Nora Saks

Nora Saks is a freelance radio and print journalist investigating themes of environmental justice in the Crown of the Continent and beyond.

She's currently a graduate student in the University of Montana's Environmental Science and Natural Resource Journalism Masters Program.

Having lived both north and south of the 49th parallel, she's inclined to use the term "bioregion" a little too frequently when describing her interest in exploring boundaries based on ecology rather than politics.

Tuesday night the Environmental Protection Agency organized what it called a “public availability session and workshop” in Butte to give locals a different kind of opportunity to learn about the proposed Superfund cleanup that was unveiled last month.

Officials from the Environmental Protection Agency will be in Butte again Tuesday, June 12 for what they’re calling a “public availability session and workshop” on the proposed Superfund cleanup plan made public at the end of May.

  Last week, the Environmental Protection Agency unveiled some details about the proposed Superfund cleanup for Butte. This week I had a chance to interview Butte-Silver Bow County Superfund coordinator Jon Sesso at Foreman’s Park in Butte to find out what that plan might mean for the town.

Despite raising less than half as much money as her top opponents, Kathleen Williams appears to have won the Democratic primary for Montana’s lone U-S house seat.


  In January, after 12 years of secret negotiations, top officials from the US Environmental Protection Agency came to Butte and said they now have a plan to finish the Mining City’s Superfund cleanup in just six years. They said the parties responsible for that had reached agreement on what it should include and who would pay for it.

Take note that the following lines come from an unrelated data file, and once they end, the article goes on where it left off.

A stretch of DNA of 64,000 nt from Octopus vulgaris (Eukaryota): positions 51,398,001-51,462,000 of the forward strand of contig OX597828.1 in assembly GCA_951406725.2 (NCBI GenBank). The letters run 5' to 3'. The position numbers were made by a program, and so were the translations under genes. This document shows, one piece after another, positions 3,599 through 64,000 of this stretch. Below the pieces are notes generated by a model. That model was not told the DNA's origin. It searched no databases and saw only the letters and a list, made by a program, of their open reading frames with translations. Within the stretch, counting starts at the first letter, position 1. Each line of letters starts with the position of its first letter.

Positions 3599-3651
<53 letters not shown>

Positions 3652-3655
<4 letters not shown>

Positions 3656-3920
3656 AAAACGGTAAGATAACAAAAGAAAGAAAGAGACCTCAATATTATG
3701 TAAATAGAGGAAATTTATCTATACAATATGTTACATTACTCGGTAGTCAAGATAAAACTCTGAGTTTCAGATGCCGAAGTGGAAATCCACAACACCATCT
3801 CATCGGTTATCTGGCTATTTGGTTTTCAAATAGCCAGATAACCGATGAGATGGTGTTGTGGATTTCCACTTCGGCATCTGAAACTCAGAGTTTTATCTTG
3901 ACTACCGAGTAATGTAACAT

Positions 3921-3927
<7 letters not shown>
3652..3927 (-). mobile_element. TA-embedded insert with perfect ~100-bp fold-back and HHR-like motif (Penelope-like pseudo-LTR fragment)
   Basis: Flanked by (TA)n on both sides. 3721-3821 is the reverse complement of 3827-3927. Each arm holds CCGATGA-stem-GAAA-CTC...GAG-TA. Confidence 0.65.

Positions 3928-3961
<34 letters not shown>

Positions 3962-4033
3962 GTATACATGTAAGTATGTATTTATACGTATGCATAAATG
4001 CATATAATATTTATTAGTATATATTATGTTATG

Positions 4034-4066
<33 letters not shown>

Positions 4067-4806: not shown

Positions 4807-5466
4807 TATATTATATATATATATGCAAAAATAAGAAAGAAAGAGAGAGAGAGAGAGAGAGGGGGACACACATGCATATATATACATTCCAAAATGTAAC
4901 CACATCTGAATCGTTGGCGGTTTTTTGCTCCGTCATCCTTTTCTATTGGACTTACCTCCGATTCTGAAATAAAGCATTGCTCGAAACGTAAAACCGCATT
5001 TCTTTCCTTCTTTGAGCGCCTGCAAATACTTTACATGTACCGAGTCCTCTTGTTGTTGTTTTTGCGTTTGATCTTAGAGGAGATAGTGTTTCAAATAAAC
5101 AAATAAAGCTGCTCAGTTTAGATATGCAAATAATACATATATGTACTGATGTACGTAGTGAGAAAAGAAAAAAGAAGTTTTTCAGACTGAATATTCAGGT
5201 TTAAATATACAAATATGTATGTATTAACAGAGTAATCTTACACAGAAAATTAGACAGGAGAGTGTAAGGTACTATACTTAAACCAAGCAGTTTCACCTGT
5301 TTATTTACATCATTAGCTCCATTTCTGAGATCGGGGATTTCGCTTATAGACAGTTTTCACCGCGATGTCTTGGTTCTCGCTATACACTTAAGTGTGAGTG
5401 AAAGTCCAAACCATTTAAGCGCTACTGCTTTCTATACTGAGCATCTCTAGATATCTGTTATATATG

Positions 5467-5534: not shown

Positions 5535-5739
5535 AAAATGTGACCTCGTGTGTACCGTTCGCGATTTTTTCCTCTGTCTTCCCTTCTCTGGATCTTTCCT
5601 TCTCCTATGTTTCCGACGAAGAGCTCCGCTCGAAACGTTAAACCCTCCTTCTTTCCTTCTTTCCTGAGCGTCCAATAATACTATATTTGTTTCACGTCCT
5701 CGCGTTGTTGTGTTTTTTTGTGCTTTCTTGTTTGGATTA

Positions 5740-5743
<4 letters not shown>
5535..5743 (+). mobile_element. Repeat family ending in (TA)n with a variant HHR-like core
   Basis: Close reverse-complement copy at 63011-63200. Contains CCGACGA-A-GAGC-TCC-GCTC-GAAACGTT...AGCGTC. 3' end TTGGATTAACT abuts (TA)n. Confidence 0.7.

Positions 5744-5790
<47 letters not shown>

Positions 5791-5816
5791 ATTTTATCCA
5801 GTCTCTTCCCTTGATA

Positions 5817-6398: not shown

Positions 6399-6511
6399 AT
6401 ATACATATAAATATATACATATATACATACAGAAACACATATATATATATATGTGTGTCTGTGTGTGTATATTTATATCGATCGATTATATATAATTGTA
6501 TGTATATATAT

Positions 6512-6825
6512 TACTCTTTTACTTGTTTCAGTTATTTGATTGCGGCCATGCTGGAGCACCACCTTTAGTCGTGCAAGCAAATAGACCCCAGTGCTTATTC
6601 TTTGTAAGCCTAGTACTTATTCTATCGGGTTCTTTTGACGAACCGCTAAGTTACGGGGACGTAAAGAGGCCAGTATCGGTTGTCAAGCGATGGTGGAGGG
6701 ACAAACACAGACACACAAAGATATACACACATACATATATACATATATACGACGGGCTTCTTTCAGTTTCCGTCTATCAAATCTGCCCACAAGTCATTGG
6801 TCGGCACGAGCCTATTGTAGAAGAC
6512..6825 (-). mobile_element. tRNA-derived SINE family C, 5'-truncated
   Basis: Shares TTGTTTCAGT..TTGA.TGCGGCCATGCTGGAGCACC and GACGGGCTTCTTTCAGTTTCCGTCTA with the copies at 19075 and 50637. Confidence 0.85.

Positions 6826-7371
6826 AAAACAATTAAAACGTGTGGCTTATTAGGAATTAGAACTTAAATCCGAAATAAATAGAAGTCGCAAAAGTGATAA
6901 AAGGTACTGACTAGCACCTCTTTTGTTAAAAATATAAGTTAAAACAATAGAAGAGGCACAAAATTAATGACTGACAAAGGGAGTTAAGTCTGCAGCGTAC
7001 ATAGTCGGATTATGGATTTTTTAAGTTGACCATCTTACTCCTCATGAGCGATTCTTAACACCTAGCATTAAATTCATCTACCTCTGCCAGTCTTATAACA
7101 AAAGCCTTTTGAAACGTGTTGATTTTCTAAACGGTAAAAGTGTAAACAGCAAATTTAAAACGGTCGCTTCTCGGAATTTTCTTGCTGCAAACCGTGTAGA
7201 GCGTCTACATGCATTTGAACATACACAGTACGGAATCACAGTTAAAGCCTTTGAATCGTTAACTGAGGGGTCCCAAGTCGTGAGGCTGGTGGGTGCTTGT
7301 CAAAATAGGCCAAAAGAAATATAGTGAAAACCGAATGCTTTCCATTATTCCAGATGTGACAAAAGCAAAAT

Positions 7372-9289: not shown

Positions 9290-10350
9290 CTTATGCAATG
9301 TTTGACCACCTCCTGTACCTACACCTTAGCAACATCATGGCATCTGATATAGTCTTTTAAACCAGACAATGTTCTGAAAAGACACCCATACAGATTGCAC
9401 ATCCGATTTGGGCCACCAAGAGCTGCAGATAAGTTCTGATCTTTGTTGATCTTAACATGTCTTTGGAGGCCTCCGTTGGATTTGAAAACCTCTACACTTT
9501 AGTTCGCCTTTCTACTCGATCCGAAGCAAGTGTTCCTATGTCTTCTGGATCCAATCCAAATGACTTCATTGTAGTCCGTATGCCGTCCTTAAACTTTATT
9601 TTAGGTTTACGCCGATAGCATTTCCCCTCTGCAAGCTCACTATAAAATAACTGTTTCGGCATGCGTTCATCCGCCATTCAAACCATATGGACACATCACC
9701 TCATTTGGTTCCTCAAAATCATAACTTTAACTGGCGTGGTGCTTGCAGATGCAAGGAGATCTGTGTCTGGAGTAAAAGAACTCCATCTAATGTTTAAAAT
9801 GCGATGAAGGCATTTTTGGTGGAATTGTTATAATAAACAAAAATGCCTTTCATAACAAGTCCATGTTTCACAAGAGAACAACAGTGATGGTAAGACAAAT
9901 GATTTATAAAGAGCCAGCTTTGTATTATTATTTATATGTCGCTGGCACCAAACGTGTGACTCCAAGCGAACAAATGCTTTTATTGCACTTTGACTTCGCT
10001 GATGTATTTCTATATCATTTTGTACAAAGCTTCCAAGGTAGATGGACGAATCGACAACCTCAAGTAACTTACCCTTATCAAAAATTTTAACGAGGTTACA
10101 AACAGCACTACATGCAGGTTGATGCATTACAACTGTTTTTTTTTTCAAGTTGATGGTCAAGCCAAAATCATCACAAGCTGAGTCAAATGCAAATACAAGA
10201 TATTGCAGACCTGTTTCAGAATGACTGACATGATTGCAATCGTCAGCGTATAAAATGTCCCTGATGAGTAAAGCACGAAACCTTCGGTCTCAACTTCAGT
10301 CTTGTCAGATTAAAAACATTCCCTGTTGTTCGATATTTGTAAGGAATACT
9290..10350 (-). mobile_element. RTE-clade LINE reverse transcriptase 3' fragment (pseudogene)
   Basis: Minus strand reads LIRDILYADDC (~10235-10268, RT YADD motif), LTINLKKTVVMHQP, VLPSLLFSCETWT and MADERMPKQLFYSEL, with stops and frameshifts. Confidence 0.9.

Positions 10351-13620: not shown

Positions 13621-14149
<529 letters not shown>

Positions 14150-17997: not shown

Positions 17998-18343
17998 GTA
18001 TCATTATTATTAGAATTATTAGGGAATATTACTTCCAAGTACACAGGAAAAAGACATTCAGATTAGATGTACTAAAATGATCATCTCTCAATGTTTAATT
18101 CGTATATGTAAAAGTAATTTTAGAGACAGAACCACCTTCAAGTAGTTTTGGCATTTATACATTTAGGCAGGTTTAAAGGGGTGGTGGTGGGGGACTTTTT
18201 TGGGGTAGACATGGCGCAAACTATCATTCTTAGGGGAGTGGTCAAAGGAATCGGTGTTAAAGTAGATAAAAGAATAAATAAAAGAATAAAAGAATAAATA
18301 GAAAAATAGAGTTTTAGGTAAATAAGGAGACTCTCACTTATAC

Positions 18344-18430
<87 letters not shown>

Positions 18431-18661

This post was updated at 9 PM Wed, May 30.

Top EPA officials were in Butte yesterday to explain details of the proposed Superfund cleanup that was agreed to in January, and get feedback from locals. 

A top official from the Environmental Protection Agency will be in Butte Wednesday to explain the proposed Superfund cleanup plan that was made partially public by a federal judge last week.

The final cleanup agreement, or consent decree, will cover most of the city and its land and water. The EPA has been negotiating it with state and local governments and industry in secret for the last 12 years. Now, those parties can share details of the plan for finishing a big portion of Butte’s Superfund cleanup.

The gag order on the Butte Superfund cleanup agreement was partially lifted by a federal judge yesterday. Susan Dunlap, the Montana Standard’s natural resources reporter spoke with MTPR’s Nora Saks about what that means for the mining city.

The Last First Mile

May 20, 2018

A documentary about why the first mile of Silver Bow Creek in Butte was left for last to be cleaned up, and what a crew of feisty locals are doing about it.

Residents of Butte are one big step closer to learning details about the Superfund clean-up planned for the Butte Hill.

On Thursday, the U.S. Department of Justice filed a joint motion on behalf of the Environmental Protection Agency and Atlantic Richfield to loosen the gag-order on the so-called “conceptual agreement” for the consent decree on this portion of Butte’s Superfund cleanup.

Pages